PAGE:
Corporate profit seems to be the hidden hand clearing the market of unionisation in order that it may be truly free – for capital to roam and rampage unhindered. In the 1990s the US based Drummond Coal Company closed down much of its home operation and relocated in Colombia. In March, 2001, during a dispute between the company and the union, the president and vice president of the union, Valmore Locarno and Victor Orcasita, were assassinated by a right wing death squad. Towards the end of the same year Locarno’s replacement as president, Gustavo Soler, met a similar fate.

A former mine worker who had to get out before he too was murdered described the role of Drummond:

Drummond apparently allows the violence to continue on its behalf. When union members complain about safety or other issues at the mine, they are targeted by the company. As a union, we have a responsibility to speak out. The indifferent Colombian government turns a blind eye, saying the company needs “free reign” to be productive and boost our economy. Well, it's a reign of terror with productivity placed before humanity. This climate of violence allows the company to further violate its contract and the law. On top of that, the wage difference between Colombian and American miners is horrible. Drummond's newest wage scale at La Loma ranges from $1.50 to $2.75 per hour. The company fulfils only the minimum requirements of Colombian law. We get no pensions from the company and few benefits. Greed is the bottom line for Drummond.

Drummond is not alone in the employment of ‘murder incorporated’ against trade union activists. According to Jeremy Rayner:

There is mounting evidence that American companies are complicit in the persecution of trade unionists at their Colombian operations. In the case of the Coca-Cola bottling plant in Carepa, where Isídro Segundo Gil was murdered, the union Sinaltrainal argues that Coca-Cola knowingly stood by and allowed the plant's manager to bring in paramilitaries to destroy the union … unionists have also been assassinated at other Coca-Cola bottling plants in Colombia … The president of Sinaltrainal, Javier Correa, reported last year that the number of unionized workers at Coca-Cola plants had dropped by more than two thirds since 1993-from 1,300 workers to only 450.7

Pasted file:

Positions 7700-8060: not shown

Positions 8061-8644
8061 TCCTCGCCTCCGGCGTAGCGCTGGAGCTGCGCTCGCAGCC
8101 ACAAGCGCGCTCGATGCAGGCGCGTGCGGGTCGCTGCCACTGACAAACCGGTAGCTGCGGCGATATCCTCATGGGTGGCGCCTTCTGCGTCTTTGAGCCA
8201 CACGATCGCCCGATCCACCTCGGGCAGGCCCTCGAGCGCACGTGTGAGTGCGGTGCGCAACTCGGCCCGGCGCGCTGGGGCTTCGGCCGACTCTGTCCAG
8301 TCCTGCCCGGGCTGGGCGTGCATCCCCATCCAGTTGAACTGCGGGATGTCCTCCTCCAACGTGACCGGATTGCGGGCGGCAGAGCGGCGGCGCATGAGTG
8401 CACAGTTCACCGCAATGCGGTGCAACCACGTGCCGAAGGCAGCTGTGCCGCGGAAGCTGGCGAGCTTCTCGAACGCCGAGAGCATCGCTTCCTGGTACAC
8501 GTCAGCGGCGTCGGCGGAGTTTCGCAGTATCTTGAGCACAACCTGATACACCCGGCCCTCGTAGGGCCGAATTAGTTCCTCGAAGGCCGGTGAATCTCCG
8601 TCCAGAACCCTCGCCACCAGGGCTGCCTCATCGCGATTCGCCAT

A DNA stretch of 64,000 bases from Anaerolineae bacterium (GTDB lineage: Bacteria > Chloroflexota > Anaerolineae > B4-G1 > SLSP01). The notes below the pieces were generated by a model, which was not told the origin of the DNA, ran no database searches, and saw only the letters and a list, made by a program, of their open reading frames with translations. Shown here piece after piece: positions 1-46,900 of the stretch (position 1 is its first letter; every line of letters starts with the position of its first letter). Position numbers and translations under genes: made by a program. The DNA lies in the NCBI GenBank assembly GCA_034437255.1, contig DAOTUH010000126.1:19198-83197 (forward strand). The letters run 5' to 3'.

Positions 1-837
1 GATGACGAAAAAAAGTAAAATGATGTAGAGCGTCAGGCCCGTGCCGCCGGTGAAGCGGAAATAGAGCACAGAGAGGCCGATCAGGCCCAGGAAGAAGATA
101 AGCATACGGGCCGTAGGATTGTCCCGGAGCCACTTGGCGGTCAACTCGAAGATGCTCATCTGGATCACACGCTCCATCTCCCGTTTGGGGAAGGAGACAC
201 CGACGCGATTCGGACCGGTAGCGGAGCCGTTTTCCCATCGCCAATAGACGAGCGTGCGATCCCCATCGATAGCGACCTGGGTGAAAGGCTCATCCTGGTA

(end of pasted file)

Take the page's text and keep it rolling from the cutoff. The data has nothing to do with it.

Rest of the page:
The International Labor Rights Fund (ILRF) and the United Steelworkers of America have filed a suit against the Drummond Company on behalf of the families of slain workers and their union. The suit, filed in March last year, accuses Drummond of hiring paramilitary gunmen to torture, kidnap and murder union leaders. An additional lawsuit charges Coca-Cola, amongst others, of complicity in the campaign of murder and intimidation being waged against unionists at Coca-Cola plants throughout the country.

Despite the murderous purges being waged against the unions by death squads linked to the Colombian military, Colombia is now the third largest recipient of US military aid in the world. And the purpose is to ensure that the neo-liberal agenda governing the operation of the country’s economy remains hegemonic. Which means US military hardware whether in the form of manpower or weaponry is the cutting edge for companies like Drummond and Coca Cola. For certain there is one drink that won’t pass my lips again. Fortunately, I have a choice. It may be too late for Seth Cure and David Vergara.






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The Blanket - A Journal of Protest & Dissent



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Index: Current Articles

18 October 2003


Other Articles From This Issue:


Hold Onto Your Guns
Liam O Comain


Loyalist Violence
Newton Emerson


Sleeping With the Enemy
Kathleen O Halloran


Whatever Happened to the Anti War Movement?
Brendan O'Neill


Free Joe & Clare
Davy Carlin


Theodor Adorno
Liam O Ruairc


The Desaparecidos
Anthony McIntyre


The Letters Page has been updated.


12 October 2003


Tribalism is little more than the lowest common denominator
Thomas Gore


Separation vs. Segregation
Eamon Sweeney


The Legitimacy of Our Struggle
Liam O Comain


Not Losing His Way
Anthony McIntyre


A Hero of Reknown
Kathleen O Halloran


West Belfast - Childhood and the Wars
Davy Carlin


Abduction of Republican
32 County Sovereignty Committee


RSF attend Sardinian Conference
Des Dalton